Nobel Prize for Literature 1921 - 1925
About the winners of the Nobel Prize for literature from 1921 to 1925 including Yeats, Reymont, and Shaw as well as behind the scenes information on the decision.
1921 Anatole France (1844-1924), French. Work: Crime of Sylvestre Bonnard; Penguin Island.
Behind the Award--A debate raged over France's lack of idealism. Judge Harald Hjarne argued that for France's "dainty hothouse . . . the idealistic literature prize of Alfred Nobel was not intended." He favored Galsworthy. Judge Henrik Schuck pitched for France, insisting the author was not the kind of cynic "who with indifference has watched justice and humanitarianism trampled underfoot." The 77-year-old France came for his award shivering under 3 overcoats, sat through the ceremony sound asleep and snoring softly.
1922 Jacinto Benavente y Martinez (1866-1954), Spanish. Work: Bonds of Interest.
Behind the Award--James Joyce, who had published Ulysses the year before, should have been the winner. A minister of Ireland proposed to nominate him, but Joyce told the minister it would cost him his job. In 1946, when Dr. Sven Hedin, a Swedish literary judge, was asked if James Joyce had ever been considered, Hedin looked puzzled and said, "Joyce? Who is he?"
1923 William Butler Yeats (1865-1939), Irish. Work: Collected Poems of W. B. Yeats.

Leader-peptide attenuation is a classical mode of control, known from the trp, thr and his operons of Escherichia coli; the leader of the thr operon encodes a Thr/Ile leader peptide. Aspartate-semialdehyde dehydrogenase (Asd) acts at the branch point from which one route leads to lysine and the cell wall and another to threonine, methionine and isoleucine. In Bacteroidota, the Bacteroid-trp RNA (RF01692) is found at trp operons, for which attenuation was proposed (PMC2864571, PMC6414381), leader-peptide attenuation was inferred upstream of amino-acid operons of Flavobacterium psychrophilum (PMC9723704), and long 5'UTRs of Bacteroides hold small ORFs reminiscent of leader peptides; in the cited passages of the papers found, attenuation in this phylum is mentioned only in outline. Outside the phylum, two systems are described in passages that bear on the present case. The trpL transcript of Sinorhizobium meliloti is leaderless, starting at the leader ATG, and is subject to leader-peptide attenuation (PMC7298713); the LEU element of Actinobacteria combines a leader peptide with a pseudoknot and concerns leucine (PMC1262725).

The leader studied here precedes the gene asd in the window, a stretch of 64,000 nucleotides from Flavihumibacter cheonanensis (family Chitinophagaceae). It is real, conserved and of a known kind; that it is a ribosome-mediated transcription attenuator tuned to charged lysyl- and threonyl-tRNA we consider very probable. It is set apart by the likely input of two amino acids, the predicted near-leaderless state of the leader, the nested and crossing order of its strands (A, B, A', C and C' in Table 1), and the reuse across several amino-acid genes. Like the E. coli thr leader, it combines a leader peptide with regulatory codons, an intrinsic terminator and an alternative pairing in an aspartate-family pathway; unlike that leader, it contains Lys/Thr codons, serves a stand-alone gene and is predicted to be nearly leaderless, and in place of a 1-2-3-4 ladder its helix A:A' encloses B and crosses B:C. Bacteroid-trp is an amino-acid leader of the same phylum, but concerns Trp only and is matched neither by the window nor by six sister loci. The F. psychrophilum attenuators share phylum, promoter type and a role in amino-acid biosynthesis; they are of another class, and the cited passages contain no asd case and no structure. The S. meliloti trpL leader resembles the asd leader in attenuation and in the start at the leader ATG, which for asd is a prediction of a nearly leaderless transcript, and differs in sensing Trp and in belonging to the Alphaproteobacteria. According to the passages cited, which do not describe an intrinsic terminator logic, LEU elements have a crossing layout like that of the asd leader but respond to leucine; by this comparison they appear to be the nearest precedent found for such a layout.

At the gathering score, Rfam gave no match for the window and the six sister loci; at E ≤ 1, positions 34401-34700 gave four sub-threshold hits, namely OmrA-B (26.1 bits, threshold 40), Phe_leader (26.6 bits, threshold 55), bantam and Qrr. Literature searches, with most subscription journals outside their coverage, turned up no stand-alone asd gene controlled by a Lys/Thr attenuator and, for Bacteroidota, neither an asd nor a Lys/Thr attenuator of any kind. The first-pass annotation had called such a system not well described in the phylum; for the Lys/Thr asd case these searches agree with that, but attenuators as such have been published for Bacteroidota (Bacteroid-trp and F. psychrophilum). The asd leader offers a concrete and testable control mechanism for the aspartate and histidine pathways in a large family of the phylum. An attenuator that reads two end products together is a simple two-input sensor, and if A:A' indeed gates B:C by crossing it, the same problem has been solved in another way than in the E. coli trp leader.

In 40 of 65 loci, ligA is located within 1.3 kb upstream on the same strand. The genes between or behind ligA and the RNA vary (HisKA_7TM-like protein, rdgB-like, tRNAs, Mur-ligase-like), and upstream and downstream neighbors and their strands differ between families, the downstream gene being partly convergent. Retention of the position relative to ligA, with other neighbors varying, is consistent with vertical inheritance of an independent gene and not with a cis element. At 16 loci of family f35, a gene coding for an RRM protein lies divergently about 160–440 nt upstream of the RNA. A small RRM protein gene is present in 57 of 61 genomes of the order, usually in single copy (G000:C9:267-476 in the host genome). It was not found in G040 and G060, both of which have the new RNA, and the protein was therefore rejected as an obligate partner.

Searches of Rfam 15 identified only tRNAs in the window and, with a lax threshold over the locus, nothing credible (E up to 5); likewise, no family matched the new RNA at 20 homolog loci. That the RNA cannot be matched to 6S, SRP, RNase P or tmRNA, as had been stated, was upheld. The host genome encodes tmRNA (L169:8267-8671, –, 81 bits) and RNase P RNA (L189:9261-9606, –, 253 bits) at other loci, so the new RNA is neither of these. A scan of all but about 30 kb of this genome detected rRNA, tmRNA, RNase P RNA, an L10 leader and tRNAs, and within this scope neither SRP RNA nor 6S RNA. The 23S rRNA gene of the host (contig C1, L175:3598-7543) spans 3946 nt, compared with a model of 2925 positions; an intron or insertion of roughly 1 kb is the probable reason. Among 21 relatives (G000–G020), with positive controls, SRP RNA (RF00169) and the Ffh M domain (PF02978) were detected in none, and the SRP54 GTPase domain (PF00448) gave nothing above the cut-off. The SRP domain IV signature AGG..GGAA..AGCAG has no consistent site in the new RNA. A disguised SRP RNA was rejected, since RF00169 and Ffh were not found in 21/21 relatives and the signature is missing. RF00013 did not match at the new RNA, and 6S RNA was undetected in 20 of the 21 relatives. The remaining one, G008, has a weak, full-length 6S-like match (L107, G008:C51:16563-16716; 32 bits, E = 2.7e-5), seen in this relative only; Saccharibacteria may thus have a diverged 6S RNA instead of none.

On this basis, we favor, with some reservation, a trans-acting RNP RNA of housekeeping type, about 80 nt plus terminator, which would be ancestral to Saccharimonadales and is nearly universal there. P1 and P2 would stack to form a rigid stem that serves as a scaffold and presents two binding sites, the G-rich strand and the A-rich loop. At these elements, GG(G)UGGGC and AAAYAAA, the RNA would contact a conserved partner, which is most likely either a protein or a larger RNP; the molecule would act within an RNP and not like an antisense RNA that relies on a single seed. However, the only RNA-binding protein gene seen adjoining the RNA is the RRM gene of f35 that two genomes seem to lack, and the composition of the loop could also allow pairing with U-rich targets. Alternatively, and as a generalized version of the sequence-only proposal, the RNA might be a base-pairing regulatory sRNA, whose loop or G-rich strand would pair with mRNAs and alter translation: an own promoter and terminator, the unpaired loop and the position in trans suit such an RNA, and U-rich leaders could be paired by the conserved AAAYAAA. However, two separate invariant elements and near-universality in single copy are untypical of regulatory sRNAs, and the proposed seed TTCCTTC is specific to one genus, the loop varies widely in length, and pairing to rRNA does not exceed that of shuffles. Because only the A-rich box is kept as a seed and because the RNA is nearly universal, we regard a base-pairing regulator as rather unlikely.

Behind the Award--Secretary Erik Axel Karlfeldt urged his fellow judges to give the award to Thomas Hardy because of the "discontent and disappointment" in England over Hardy's constant omission, and because "Yeats, who is much younger, may be considered later." But Hardy's pessimism and fatalism counted against him. Of all the prizewinners who passed before King Gustav, the monarch liked Yeats the most "because he had the manners of a courtier." (King Gustav, who bestowed Nobel Prizes for 70 years, was so nearsighted he once presented a Nobel Prize to his own secretary by mistake.)
1924 Wladyslaw S. Reymont (1867-1925), Polish. Work: The Peasants.
Behind the Award--Guglielmo Ferrero, author of Roman History, was a strong contender. But the older judges considered him wanting in scholarship. The choice shifted to 2 Polish authors, Reymont and Stefan Zeromski. The people of Poland wanted Zeromski. The judges, naturally, gave the award to Reymont.
1925 George Bernard Shaw (1856-1950), British. Work: Androcles and the Lion; Pygmalion.
Behind the Award--Receiving the award at the age of 69, with his great successes behind him, G.B.S. wanted to turn the prize down but was finally persuaded to accept it. He told the Nobel judges, "The money is a lifebelt thrown to a swimmer who has already reached the shore in safety!"
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